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BookBrowse Reviews One Night Two Souls Went Walking by Ellen Cooney

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One Night Two Souls Went Walking

by Ellen Cooney

One Night Two Souls Went Walking by Ellen   Cooney X
One Night Two Souls Went Walking by Ellen   Cooney
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    Nov 2020, 216 pages

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Book Reviewed by:
Callum McLaughlin
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Ruminative yet understated, this beguiling novel explores the fine line between life and death, and the elusive nature of the human soul.

In One Night Two Souls Went Walking, we follow a young interfaith chaplain as she carries out her nightly duties on a hospital ward, easing patients through their final moments and comforting loved ones in their newfound grief. She was drawn to the job through her fascination with the concept of souls – how they are formed, where they reside, and whether or not they ever truly leave. Though not hugely plot driven, we do see glimpses of the ways her unwavering dedication to this role has impacted her personal relationships, and through subtle hints of magical realism, the emotional toll it can take to so often be forced to say goodbye.

Despite the melancholy subject matter, the novel has a gentle quality that mirrors the narrator's characterization. That said, Cooney hints at a complexity beyond simple kindness, showing us the white lies she is often compelled to tell in order to ease the woes of the dying so they may pass in peace. It's here that the author throws up the biggest philosophical questions, though never in a way that feels dry. In their final moments, patients wish to metaphorically bear their souls: some seek comfort, some wish to be absolved of guilt, while others simply need permission to let go. But almost all wish to reflect on the people and moments that meant the most to them in life. Is it this then – the lives we've lived and the memories we've made – that amalgamate to form the essence of who we are? Or is the soul a more literal entity that drifts free of our bodies when we die, perhaps even watching over those we've left behind? The book flirts with the uncanny just enough to suggest the possibility of the latter, but always remains grounded by the gravity of the chaplain's work.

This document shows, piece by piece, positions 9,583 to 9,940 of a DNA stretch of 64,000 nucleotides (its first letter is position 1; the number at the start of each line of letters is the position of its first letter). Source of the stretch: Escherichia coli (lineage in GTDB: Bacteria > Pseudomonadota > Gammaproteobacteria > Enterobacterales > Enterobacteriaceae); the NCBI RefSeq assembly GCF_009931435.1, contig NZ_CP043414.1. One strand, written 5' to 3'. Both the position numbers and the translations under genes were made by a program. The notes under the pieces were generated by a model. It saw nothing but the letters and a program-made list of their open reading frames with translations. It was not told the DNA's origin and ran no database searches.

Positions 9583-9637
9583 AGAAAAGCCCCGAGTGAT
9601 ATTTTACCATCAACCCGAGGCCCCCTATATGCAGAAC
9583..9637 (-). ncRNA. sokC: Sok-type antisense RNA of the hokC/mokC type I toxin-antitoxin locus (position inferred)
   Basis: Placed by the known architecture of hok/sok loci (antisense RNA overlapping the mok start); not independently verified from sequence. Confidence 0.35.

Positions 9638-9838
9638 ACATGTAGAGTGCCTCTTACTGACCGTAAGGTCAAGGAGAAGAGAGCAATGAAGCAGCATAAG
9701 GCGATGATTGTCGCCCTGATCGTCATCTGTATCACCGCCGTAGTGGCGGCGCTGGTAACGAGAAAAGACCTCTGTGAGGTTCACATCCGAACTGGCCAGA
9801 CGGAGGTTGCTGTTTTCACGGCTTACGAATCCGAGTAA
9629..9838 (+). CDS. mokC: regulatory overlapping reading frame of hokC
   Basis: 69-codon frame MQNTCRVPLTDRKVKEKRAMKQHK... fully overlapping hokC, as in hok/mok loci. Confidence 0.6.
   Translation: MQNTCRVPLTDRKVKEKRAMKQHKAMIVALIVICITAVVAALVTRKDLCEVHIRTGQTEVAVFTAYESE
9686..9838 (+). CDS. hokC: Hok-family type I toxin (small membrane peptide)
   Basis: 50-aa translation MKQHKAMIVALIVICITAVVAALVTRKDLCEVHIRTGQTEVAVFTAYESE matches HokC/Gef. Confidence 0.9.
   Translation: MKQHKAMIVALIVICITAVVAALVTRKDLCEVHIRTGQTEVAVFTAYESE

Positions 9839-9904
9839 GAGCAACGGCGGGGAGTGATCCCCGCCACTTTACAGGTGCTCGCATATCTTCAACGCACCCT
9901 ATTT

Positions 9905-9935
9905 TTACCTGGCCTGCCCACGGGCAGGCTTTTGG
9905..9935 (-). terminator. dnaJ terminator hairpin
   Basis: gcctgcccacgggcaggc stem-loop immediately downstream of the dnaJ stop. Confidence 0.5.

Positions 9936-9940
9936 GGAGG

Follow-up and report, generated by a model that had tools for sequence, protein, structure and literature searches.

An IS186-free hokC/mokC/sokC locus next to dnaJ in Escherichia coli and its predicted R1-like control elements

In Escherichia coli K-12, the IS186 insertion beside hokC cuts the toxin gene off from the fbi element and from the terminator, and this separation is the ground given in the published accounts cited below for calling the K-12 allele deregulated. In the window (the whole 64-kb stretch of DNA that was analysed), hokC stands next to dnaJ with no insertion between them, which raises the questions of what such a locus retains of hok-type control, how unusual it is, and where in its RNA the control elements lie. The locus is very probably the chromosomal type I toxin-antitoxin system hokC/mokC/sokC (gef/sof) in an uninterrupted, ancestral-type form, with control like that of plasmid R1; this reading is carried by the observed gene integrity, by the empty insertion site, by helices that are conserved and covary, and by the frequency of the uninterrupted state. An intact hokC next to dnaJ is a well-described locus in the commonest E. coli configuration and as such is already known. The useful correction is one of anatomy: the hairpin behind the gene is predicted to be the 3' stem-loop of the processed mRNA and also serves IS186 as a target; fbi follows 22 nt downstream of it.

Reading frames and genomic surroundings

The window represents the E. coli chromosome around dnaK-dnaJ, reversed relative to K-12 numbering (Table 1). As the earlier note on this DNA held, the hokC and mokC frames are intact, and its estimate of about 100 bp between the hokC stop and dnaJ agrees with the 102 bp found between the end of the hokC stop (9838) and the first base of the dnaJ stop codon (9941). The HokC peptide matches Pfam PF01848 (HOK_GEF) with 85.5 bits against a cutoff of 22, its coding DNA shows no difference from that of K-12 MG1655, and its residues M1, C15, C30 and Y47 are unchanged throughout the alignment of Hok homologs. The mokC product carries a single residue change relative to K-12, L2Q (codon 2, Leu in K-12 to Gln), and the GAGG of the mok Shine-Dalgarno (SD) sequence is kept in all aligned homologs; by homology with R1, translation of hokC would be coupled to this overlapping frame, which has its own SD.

The repetition of meeting a character, learning their history, and saying goodbye to them as they pass on certainly captures how relentless and emotionally taxing the chaplain's work is, but it also means the novel can feel somewhat fragmented at times, reading more like a collection of interlinked short stories. At first, it can be frustrating to lose enigmatic characters just as we begin to feel invested in them; to so quickly have the focus shift to someone else. But when you consider how closely this reflects the reality of the chaplain's situation, you realize what a clever structural device it is.

It is quite the achievement for a book to take on themes as huge as humanity, memory and faith while remaining so intimate in tone and scope. For all the theories on the true nature of the soul it poses – and the interesting debates these interpretations are likely to spark – the book remains certain of one thing: what unites us all in death is a desire not to feel alone. Though it may come at great personal cost, it is the gift of companionship the chaplain is determined to give to all those who ask it of her.

Reviewed by Callum McLaughlin

This review first ran in the November 18, 2020 issue of BookBrowse Recommends.

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